citicoline in normal volunteers, Int. J. Clin. Pharmacol. Ther. Toxicol. 1992, 30(9):
Moliner et al., Pharmacokinetics of choline alsphscerate in the healthy volunteer,
Le Basi Raz. Ter. 1993, 23, Suppl. 3, 75.
L,. Avate G., Bartorelli L., Cucinotta D., Cuzzupoli M., Maggioni M.,
Villardita C., Senin U., Multicenter Study of l-a-Glyceryl-Phosphorylcholine vs ST200
among Patients with Probable Senile Dementia of Alzheimer’s Type, Drugs &
Aging 1993, 3(2): 159-164.
D., Onofrj M., Multicenter clinical study of efficacy and tolerability of
choline alfoscerate in patients with deficits in higher mental function arising
after an acute ischemic cerebrovascular attack, Geriatrica 1994, 6:91.
C. et al., Clinical study of the therapeutic effectiveness and tolerability of
choline alfoscerate in 15 subjects with compromised cognitive functions
subsequent to acute focal cerebral ischemia, Rivista Neuropsi. Sci. Affini.
1996, 3(7): 21.
et al., Effect of L-alpha-glycerylphosphorylcholine on amnesia caused by scopolamine.
Int. J. Clin. Pharmacol. Ther. Toxico. 1991, 29(3): 103-107.
et al., Changes in the interaction between CNS cholinergic and dopaminergic
neurons induced by l-alpha-glycerylphosphorylcholine,
a cholinomimetic drug, Farmaco. Sci. 1986, 41(4): 325-334.
E. et al., Choline alfoscerate
in the treatment of mental pathology following acute cerebrovascular accident.
Funct. Neurol. 1993; 8 (Suppl):5.
What is Cerebra GPC?
Cerebara GPC is a 100 percent purified source
L-Alpha-Glycerophosphocholine (GPC), an orthomolecular compound found naturally
in the brain, where it serves as an acetylcholine precursor. Derived from soya
lecithin, GPC is not a phospholipid; it is a phospholipid-derived
Cerebra-GPC is 100% Purified PhosChol with the fatty acids
removed. It is a simple formulation of
purified GPC and water, which comes together as a clear, concentrated, sweet
tasting solution that is easy to administer to adults and children.
GPC is a safe, stable, and rapidly absorbed source of free
choline, which easily enters the brain and has many functions in the body. It is important for the structural integrity
of cell membranes, cholinergic neurotransmission, transmembrane signalling,
methyl metabolism, and lipid-cholesterol transport and metabolism. Choline is a
precursor for phosphatidylcholine, sphingomyelin, platelet-activating factor,
betaine, and other phospholipids.
A Positive Influence on Neurotransmission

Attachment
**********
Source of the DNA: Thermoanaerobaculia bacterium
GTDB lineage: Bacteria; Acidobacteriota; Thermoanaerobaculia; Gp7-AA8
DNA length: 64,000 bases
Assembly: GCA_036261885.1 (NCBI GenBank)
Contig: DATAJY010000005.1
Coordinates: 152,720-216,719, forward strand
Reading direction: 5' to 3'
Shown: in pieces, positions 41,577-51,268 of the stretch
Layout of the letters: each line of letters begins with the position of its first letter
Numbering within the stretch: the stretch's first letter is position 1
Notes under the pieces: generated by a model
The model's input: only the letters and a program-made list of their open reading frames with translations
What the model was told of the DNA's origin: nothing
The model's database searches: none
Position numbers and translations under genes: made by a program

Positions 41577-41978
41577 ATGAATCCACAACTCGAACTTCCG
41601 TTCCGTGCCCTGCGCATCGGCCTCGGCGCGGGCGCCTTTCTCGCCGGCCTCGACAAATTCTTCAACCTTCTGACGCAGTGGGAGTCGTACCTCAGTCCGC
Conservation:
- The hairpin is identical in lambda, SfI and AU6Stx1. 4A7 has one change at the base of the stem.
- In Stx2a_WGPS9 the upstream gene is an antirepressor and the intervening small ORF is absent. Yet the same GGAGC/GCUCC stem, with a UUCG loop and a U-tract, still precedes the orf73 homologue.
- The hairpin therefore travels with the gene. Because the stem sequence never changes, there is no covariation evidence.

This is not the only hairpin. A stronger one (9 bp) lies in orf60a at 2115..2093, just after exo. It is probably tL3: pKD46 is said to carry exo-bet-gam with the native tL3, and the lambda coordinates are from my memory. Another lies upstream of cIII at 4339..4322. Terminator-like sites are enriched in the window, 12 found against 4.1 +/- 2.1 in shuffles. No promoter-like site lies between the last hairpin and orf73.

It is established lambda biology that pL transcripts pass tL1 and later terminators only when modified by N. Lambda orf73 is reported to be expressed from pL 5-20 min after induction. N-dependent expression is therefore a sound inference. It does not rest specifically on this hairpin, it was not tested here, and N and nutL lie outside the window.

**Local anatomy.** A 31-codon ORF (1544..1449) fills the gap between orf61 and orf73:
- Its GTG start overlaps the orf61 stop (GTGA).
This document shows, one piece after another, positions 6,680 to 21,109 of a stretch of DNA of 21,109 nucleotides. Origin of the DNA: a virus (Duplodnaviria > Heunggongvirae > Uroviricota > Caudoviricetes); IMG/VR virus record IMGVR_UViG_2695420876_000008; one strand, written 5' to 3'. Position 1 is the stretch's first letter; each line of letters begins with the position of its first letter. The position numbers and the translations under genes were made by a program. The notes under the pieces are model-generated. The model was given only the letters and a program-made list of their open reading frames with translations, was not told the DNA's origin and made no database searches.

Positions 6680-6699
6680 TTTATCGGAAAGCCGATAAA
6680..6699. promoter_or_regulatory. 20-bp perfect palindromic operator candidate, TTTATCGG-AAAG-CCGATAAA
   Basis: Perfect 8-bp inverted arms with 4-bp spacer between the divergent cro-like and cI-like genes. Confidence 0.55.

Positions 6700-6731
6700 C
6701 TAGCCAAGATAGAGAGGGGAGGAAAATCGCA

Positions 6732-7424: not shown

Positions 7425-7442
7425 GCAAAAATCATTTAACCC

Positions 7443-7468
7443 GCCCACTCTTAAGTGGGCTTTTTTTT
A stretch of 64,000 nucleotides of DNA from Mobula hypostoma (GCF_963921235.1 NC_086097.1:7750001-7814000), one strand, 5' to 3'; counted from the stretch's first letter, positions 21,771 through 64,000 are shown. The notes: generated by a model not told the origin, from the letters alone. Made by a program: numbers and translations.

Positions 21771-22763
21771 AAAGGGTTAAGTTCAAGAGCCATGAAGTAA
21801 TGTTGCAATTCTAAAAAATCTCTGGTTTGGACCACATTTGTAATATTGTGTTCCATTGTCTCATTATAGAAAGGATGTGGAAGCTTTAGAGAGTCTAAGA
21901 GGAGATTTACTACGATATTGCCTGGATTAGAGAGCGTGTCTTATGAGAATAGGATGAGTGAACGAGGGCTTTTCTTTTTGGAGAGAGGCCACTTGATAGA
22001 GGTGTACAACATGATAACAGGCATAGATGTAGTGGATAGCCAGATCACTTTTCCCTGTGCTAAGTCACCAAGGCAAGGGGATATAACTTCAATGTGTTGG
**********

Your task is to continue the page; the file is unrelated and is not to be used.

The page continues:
Acetylcholine decline coincides with advancing age, and is a
hallmark of neurodegenerative disease. Even in the absence of diseases such as
Alzheimer's and vascular dementia, aging brains lose cholinergic receptors;
structures within the nerves that receive and propagate the messages
transmitted by acetylcholine.
Evidence suggests that by increasing levels of acetylcholine
in the brain, cognitive deficits and brain structure changes related to ageing
may be reversed. GPC is believed to prevent and ameliorate dementia, memory
loss and learning difficulties because it accelerates the biosynthesis of
acetylcholine and phosphatidylcholine.
Additionally, GPC may protect and facilitate communication
between nerves through its effect on receptors for nerve growth factor. GPC has been shown to stimulate the release
of the neurotransmitter, GABA (gamma-aminobutyric acid). And, administration of GPC was influential in
making more GABA available to brain cells.
In various studies, GPC has been directly compared to some
popular nootropic substances such as oxiracetam and acetyl-L-carnitine.
Cognitive improvement among GPC patients was similar to those seen in patients
taking oxiracetam. Tests directly
comparing the GPC to acetyl-L-carnitine demonstrated that GPC delivers superior
Supplementation of GPC provides a good source of safe,
stable, and readily absorbed choline for enhancing cholinergic metabolic
functions such as neurological and mental performance. GPC should be considered as an essential
nutrient in any integrated anti-ageing and/or brain restoration protocol.
At this time there are no known side effects,
contraindications or interactions.
Ingredients are GRAS and should be well tolerated even with long term